The final stop on this trip was the archives at the Château de Vincennes, an old fort which houses the Service Historique de la Défense. I was very confident I would find what I was looking for here – I had reserved the relevant documents related to the 137th regiment ahead of time and being directed here by the officer in Fontenay-le-Comte confirmed (in my mind) that this would be a successful mission. Well, long story short, it was and it wasn’t.
After arriving at the reading room, grabbing my reserved documents and setting up my station, I delved into the handwritten and typewritten stack of papers before me. I had expected something neatly organized and well documented so imagine my surprise when I opened the box to find a mixed up stash of torn out notebook pages, creased maps, and faded letters!
I quickly found that it was slightly more organized than the first glance would lead you to believe as everything was miraculously in chronological order. Some very careful page turning finally got me to the beginning of the time that Katharine Baker had been with the regiment. Some of the documents were illegible due to bad handwriting or the fact that they had become too faded, but I was able to read the majority of them. I just couldn’t believe they had handed me these documents. Some were falling apart and others were in danger of becoming too faded to read but they had handed them over with minimal concern and practically zero supervision to a 20 year old student.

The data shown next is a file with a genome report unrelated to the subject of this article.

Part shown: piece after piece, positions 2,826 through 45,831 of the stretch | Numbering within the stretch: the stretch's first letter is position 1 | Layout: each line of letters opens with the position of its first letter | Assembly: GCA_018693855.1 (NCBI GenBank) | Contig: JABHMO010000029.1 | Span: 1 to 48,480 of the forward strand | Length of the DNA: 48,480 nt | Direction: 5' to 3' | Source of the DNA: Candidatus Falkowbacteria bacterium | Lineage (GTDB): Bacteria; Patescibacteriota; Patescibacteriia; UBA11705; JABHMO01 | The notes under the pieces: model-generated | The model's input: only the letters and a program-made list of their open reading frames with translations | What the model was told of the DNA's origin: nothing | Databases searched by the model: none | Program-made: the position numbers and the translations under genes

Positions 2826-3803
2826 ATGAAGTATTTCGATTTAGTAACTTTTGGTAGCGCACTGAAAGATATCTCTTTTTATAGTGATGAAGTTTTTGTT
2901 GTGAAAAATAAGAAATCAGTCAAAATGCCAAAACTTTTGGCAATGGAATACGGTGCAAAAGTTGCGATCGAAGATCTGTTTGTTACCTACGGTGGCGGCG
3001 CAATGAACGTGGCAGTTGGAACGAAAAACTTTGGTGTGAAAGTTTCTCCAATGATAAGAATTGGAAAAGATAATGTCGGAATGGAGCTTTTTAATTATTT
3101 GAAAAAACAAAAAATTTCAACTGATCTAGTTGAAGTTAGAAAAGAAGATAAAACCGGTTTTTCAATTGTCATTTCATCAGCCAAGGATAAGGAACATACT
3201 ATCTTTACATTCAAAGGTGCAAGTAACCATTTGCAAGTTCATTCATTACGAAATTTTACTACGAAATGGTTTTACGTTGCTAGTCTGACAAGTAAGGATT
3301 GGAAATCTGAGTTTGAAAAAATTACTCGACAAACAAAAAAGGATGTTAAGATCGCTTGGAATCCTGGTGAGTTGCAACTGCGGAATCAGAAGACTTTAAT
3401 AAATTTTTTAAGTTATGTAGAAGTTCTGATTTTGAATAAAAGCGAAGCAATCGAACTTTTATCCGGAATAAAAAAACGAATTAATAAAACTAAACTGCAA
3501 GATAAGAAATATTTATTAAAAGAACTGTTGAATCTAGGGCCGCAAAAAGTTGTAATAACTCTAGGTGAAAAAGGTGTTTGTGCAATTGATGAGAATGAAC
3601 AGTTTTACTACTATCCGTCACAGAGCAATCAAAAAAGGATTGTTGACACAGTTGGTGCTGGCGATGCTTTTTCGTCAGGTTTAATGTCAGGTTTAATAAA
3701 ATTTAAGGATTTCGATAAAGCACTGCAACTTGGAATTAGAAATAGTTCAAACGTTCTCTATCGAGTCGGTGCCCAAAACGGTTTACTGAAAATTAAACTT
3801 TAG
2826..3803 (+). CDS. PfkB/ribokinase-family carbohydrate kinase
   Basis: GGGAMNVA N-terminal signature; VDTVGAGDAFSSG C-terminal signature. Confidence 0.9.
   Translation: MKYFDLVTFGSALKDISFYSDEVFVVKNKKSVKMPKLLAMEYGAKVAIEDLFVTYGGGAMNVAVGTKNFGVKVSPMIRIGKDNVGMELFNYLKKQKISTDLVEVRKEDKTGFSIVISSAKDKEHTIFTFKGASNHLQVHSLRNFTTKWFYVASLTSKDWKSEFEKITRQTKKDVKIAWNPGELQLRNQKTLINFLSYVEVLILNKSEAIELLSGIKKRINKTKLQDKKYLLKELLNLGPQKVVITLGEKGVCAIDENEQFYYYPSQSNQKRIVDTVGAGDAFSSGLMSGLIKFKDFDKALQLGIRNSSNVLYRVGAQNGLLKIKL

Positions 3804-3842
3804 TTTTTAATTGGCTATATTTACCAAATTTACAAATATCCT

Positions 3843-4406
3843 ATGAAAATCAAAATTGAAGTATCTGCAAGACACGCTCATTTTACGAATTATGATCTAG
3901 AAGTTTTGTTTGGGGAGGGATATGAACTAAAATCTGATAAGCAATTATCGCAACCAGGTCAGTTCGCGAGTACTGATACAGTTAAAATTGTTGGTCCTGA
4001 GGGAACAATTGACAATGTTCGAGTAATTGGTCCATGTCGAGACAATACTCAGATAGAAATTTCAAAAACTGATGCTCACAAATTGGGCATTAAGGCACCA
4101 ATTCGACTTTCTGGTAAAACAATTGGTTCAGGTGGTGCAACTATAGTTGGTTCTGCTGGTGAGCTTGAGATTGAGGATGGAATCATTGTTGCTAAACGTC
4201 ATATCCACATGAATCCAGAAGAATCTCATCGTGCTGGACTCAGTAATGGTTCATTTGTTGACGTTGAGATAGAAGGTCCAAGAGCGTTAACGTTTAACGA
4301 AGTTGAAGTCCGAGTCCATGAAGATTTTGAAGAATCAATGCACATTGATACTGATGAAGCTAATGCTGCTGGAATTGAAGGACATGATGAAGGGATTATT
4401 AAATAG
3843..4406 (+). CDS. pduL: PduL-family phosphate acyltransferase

The whole time, I was acutely aware of where these papers had been. These were letters and notices that had been carried in the pockets of people involved directly in the conflict. Some seemed to have been scribbled and hastily ripped out of some personal notebook while others had a crisp and proper heading that suggested a more administrative hand had written them, but they were all tied to the members of the 137th regiment. I was also aware of exactly what these documents were saying. I felt secondhand dread when I came across the letter with the orders to reach the top of the Chemin des Dames and relief when I saw the notice that the regiment was being relieved.
Though any mention of Katharine would have been a good find, my main goal was to find something confirming her status as a corporal in the regiment or a record of her awards. Unfortunately, a full morning of searching yielded no answers. I did find something that lends more credibility to our idea that Katharine’s illness was caused by gas inhalation – a letter warning that a gas attack may affect Cugny, the town she was stationed in as a nurse – but nothing concrete and no confirmation of her rank.
I spent the beginning of the afternoon working with one of the archivists trying to figure out other possible ways to find out what I needed to know but unfortunately the archives there didn’t contain anything else of use to me and his suggestions were mostly things that had already proved to be dead ends for me. Katharine’s rank seems to be this project’s white whale I’m going to have to start getting creative if I want to find my answers.